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People rally demanding passage of the For the People Act

Activists with the Poor People's Campaign demand passage of the For the People Act in Washington D.C. on August 3, 2021. (Photo: Michael Nigro/Pacific Press/LightRocket via Getty Images)

Poll: Majority of US Voters Want Biden to 'Fight' for Key Voting Rights Bill

Nearly 75% of Democrats—and almost a third of Republicans—would be more likely to support Biden if he achieves passage of the For the People Act.

Jake Johnson

Hours after the Senate GOP once again blocked debate on the For the People Act, progressive organizations on Wednesday released the results of a survey showing that a majority of U.S. voters—including nearly three-quarters of Democrats—want President Joe Biden to "take a more active role in the fight" to pass the sweeping voting rights legislation.

"Americans need—and want—a president who will do whatever it takes to protect the freedom to vote, end partisan gerrymandering, and reduce the role of big money in politics."
—Adam Eichen and Kevin Rissmiller

Conducted by Data For Progress, Equal Citizens, End Citizens United, and other progressive groups, the poll found that 51% of U.S. voters—including 74% of Democrats, 42% of independents, and 30% of Republicans—would be more likely to support Biden if he is able to convince the Senate to pass the For the People Act, which the survey describes as "a bill to reduce the role of big money in politics, end dark money, strengthen the freedom to vote for all eligible citizens, and ban partisan gerrymandering."

In a blog post, Adam Eichen and Kevin Rissmiller of Equal Citizens stress that "the window in which the For The People Act can make the greatest impact is closing."

"The Census Bureau will release precinct level data tomorrow (August 12)," Eichen and Rissmiller note. "This will allow states to begin the redistricting process to draw the U.S. House district maps for the 2022-2030 election cycles. After this point, it will become increasingly difficult—though not impossible—to stop state legislatures from engaging in the worst practices to manipulate district lines for partisan advantage."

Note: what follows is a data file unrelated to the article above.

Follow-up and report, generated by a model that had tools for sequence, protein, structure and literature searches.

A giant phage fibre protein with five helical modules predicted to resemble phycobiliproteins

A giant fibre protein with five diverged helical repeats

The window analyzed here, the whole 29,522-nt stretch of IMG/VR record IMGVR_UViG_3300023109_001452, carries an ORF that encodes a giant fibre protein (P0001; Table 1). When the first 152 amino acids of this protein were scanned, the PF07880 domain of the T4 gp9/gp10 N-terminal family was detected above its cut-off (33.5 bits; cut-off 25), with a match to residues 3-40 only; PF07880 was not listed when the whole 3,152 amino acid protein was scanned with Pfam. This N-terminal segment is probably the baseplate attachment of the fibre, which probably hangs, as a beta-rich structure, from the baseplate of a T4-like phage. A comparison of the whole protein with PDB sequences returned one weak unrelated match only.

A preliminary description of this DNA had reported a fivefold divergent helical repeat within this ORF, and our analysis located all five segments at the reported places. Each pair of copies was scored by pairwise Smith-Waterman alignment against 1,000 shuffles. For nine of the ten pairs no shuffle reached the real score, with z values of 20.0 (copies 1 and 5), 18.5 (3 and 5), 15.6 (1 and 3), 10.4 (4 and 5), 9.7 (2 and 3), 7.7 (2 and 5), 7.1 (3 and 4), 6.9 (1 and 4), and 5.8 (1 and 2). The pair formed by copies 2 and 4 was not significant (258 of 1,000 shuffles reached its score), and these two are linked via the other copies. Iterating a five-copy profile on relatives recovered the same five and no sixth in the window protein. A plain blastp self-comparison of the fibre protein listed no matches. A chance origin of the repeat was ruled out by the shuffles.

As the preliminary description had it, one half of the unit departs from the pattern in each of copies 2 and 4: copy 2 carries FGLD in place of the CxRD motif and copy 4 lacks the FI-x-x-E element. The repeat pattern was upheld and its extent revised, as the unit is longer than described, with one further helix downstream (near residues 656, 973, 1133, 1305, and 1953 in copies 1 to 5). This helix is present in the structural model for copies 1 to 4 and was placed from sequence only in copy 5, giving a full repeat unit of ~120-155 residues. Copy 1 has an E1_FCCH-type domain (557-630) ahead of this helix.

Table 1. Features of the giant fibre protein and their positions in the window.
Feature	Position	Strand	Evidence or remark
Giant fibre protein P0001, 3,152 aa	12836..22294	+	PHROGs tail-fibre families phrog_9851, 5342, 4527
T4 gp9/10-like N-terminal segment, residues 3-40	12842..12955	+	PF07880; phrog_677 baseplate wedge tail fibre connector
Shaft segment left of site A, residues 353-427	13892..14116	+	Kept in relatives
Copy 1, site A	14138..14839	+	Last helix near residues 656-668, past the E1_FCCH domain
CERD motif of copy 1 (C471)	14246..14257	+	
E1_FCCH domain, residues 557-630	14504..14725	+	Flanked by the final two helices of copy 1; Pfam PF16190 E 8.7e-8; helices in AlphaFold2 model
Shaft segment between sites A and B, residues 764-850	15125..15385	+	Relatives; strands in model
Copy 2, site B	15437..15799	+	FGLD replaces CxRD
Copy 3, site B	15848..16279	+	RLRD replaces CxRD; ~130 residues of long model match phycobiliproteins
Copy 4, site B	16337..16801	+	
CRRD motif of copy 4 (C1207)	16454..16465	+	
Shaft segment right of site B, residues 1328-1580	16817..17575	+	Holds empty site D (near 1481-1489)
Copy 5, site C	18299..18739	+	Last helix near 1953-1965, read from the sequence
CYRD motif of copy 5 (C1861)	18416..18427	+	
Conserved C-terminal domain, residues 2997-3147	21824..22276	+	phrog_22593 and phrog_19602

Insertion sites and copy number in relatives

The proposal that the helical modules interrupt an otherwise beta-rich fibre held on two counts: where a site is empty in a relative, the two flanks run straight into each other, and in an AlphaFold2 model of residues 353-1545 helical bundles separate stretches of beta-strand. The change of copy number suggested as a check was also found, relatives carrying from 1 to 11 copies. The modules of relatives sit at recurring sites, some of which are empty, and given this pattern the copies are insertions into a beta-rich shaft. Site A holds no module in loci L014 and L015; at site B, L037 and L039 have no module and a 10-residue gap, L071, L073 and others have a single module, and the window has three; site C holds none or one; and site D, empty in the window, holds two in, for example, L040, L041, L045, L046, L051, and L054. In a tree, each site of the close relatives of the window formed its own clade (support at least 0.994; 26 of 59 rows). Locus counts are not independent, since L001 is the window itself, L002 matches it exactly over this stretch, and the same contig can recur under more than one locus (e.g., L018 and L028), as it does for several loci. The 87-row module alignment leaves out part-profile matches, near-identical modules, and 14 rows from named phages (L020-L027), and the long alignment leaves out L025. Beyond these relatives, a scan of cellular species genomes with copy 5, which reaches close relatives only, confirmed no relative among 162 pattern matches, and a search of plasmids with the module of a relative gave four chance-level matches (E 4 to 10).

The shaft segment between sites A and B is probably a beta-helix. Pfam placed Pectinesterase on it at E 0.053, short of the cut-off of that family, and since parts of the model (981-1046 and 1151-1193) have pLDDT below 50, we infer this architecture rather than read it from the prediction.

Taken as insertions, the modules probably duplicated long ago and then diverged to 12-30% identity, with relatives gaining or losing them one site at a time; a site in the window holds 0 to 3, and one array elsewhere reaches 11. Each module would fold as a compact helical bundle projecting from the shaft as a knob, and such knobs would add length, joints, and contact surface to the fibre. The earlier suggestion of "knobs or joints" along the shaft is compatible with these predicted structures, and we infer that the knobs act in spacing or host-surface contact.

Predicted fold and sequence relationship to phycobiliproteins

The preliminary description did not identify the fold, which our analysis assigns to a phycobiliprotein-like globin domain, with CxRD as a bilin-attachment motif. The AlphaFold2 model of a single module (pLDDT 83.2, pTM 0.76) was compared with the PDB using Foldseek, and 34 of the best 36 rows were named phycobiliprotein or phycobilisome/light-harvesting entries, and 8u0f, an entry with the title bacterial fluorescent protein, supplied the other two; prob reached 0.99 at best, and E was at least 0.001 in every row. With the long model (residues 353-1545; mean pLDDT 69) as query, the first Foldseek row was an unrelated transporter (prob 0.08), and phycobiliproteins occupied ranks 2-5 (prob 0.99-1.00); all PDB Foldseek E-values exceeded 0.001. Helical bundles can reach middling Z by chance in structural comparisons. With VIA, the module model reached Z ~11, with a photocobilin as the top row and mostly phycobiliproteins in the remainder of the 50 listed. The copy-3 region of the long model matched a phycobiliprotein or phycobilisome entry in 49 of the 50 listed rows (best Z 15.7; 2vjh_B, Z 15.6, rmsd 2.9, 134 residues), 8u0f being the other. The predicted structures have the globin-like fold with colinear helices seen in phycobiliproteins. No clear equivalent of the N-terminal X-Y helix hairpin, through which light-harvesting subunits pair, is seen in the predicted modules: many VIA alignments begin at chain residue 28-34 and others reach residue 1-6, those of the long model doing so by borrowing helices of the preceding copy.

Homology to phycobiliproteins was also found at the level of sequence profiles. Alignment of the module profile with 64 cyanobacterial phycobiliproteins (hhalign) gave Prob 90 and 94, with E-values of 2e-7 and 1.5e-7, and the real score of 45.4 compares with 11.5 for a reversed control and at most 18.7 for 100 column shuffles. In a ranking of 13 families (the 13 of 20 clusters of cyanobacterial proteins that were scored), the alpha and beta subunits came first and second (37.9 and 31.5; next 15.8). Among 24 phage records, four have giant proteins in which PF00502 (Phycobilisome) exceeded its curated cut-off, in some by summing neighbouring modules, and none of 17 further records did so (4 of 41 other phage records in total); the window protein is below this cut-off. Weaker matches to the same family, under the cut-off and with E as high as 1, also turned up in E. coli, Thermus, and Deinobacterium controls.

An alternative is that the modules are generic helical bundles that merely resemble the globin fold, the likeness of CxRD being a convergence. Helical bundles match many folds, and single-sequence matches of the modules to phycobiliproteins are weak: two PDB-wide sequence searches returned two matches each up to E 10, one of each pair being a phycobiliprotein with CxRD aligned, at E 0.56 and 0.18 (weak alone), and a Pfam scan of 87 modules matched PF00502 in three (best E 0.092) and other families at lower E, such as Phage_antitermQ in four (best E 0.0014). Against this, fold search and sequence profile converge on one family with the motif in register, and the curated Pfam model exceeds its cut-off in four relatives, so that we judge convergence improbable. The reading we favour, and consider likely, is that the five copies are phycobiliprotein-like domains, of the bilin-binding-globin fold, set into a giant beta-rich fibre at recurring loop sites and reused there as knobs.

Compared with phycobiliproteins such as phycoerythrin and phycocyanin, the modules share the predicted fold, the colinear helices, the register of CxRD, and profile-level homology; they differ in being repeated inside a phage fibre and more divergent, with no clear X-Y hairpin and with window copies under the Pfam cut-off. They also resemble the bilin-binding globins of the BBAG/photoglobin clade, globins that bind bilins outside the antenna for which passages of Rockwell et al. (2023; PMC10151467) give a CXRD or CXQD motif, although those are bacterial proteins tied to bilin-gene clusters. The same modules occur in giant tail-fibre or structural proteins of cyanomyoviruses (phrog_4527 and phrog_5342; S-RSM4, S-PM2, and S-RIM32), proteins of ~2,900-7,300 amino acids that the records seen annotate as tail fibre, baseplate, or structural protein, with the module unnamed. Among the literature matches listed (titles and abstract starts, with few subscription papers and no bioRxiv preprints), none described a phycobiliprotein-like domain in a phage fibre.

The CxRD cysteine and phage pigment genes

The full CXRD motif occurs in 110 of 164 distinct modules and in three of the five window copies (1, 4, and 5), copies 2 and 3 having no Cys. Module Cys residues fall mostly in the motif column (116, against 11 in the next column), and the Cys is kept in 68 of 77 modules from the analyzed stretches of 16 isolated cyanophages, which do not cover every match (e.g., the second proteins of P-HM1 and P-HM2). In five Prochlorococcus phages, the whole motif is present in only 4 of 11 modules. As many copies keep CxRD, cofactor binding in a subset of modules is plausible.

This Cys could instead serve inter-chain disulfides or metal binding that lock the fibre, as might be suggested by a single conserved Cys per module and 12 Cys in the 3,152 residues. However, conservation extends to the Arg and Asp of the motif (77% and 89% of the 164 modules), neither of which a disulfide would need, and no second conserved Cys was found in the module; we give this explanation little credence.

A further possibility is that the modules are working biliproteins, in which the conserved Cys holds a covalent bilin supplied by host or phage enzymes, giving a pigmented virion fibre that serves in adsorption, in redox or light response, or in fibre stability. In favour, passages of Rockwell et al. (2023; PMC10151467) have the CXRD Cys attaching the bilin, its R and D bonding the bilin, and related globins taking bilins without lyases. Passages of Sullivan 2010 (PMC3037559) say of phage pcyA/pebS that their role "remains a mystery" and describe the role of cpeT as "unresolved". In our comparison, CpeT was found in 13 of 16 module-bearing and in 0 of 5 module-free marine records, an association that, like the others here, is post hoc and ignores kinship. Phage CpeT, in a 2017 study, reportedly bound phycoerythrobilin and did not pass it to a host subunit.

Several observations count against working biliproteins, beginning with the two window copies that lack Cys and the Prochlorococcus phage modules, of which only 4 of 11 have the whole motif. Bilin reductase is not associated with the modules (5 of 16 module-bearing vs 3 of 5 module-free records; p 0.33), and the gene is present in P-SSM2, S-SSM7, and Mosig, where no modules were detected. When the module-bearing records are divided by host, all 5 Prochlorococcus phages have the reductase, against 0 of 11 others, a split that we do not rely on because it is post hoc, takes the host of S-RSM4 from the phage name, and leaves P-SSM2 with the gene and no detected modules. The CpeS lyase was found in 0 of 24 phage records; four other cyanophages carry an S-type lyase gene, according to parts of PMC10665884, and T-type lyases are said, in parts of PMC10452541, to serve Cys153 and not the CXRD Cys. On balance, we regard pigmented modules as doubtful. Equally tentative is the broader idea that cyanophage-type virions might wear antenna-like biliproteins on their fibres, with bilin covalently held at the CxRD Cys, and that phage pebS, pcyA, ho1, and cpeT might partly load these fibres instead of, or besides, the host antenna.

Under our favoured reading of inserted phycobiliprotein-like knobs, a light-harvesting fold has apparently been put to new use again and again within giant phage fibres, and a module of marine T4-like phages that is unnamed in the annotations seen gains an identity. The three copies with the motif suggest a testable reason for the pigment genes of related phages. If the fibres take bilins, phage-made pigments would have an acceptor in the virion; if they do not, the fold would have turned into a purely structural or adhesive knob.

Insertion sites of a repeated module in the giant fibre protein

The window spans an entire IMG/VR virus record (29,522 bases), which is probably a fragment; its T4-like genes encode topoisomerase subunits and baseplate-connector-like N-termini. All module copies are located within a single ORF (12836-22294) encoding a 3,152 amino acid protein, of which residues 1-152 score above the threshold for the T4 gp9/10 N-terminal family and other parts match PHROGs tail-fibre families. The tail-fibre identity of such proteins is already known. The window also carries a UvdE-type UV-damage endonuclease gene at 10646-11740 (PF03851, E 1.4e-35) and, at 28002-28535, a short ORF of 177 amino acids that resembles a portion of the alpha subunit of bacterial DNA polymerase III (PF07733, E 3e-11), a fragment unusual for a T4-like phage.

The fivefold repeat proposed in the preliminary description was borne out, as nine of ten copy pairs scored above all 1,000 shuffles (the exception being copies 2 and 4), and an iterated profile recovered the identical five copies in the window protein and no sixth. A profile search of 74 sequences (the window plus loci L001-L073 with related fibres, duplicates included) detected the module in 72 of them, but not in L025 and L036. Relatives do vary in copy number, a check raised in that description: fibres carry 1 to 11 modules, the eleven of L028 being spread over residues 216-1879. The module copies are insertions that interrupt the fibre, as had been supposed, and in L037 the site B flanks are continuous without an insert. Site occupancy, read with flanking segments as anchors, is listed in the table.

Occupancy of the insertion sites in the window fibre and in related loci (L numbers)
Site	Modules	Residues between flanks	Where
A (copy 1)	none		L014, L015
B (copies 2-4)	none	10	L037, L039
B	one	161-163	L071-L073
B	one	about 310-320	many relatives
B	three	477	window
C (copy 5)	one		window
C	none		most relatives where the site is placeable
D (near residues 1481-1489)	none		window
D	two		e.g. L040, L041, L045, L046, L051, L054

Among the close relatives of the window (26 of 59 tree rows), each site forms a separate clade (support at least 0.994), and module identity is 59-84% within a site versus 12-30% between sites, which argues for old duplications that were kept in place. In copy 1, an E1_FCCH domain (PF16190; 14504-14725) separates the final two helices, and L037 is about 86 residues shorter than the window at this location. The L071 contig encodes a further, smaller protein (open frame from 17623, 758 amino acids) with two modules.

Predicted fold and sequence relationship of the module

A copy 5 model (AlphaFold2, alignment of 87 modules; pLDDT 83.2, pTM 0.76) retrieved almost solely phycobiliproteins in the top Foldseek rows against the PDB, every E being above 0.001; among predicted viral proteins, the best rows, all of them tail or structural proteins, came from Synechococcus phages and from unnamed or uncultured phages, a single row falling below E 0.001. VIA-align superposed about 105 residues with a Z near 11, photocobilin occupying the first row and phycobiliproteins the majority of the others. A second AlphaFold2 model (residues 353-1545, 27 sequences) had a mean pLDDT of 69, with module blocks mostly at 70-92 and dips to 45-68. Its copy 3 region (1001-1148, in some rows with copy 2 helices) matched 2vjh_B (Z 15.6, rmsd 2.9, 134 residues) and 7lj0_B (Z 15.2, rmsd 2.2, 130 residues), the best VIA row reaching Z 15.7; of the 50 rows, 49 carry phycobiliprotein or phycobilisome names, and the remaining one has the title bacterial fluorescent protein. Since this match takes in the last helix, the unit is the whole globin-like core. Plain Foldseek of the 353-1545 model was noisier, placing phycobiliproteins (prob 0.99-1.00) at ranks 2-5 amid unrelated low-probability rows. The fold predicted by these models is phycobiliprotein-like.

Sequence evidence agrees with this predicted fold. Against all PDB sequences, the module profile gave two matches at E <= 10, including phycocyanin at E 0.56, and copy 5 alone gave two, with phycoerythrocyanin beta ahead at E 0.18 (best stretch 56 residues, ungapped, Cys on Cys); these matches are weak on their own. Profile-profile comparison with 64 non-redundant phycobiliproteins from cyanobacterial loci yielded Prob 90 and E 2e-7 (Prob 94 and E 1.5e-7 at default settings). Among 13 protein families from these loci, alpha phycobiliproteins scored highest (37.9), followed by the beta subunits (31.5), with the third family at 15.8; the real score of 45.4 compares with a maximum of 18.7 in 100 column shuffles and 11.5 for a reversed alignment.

The new survey shows broad support for provisions of the For the People Act aimed at ending partisan gerrymandering, which Republicans have used for years to distort congressional districts for their own political gain. An Associated Press analysis published Tuesday found that in the wake of electoral victories a decade ago, "Republican politicians used census data to draw voting districts that gave them a greater political advantage in more states than either party had in the past 50 years."

The poll, based on a survey of 1,254 likely voters, finds that 74% of Democrats, 53% of independents, and 50% of Republicans support a ban on partisan gerrymandering and the establishment of "independent redistricting commissions" tasked with drawing district lines.

"Now, more than ever, Americans need—and want—a president who will do whatever it takes to protect the freedom to vote, end partisan gerrymandering, and reduce the role of big money in politics," Eichen and Rissmiller wrote Wednesday.

In June, before Senate Republicans deployed the 60-vote legislative filibuster to block debate on the For the People Act, Biden faced criticism from progressives for not doing enough to advocate for passage of the bill, which is co-sponsored by every member of the Senate Democratic caucus except Sen. Joe Manchin (D-W.Va.).

"It's time to fix or nix the Jim Crow filibuster, which has paralyzed our government at the worse possible moment."
—Charly Carter, Democracy Initiative

After the GOP blocked the measure, Biden delivered a speech decrying Republican-authored voter suppression laws in states across the nation as a "21st century Jim Crow assault" on the franchise and promised to fight back.

But civil rights groups have voiced grave concerns about the White House's reported belief that it's possible to "out-organize" the GOP's relentless voter suppression efforts by focusing heavily on driving voter turnout.

Echoing the sentiments of voting rights advocates, Eichen and Rissmiller argued Wednesday that "instead of asking activists to 'out-organize' assaults on our elections, it's time for the White House to leverage the full force of the bully pulpit to save American democracy."

"Over the last handful of months, hundreds of thousands of Americans have taken action to advocate for the For The People Act," the pair added. "Countless organizations, political scientists, and scholars of democracy have made the case that our democracy is in deep trouble and that everything—including filibuster reform—must be on the table to ensure the For The People Act's passage."

Following the Senate GOP's second successful blockade of the For the People Act early Wednesday morning, Senate Majority Leader Chuck Schumer (D-N.Y.) vowed that voting rights "will be the first matter of legislative business when the Senate returns to session in September."

But with the legislative filibuster in place and Republicans unanimously opposed to the House-passed For the People Act—including a scaled-back version offered by Manchin—it's unclear whether Senate Democrats will be able to make any progress on the bill a month from now.

"Voters across the country will be outraged by this latest perversion of our democracy," Charly Carter, executive director of the Democracy Initiative, said in response to the GOP's obstruction on Wednesday. "It's time to fix or nix the Jim Crow filibuster, which has paralyzed our government at the worse possible moment."


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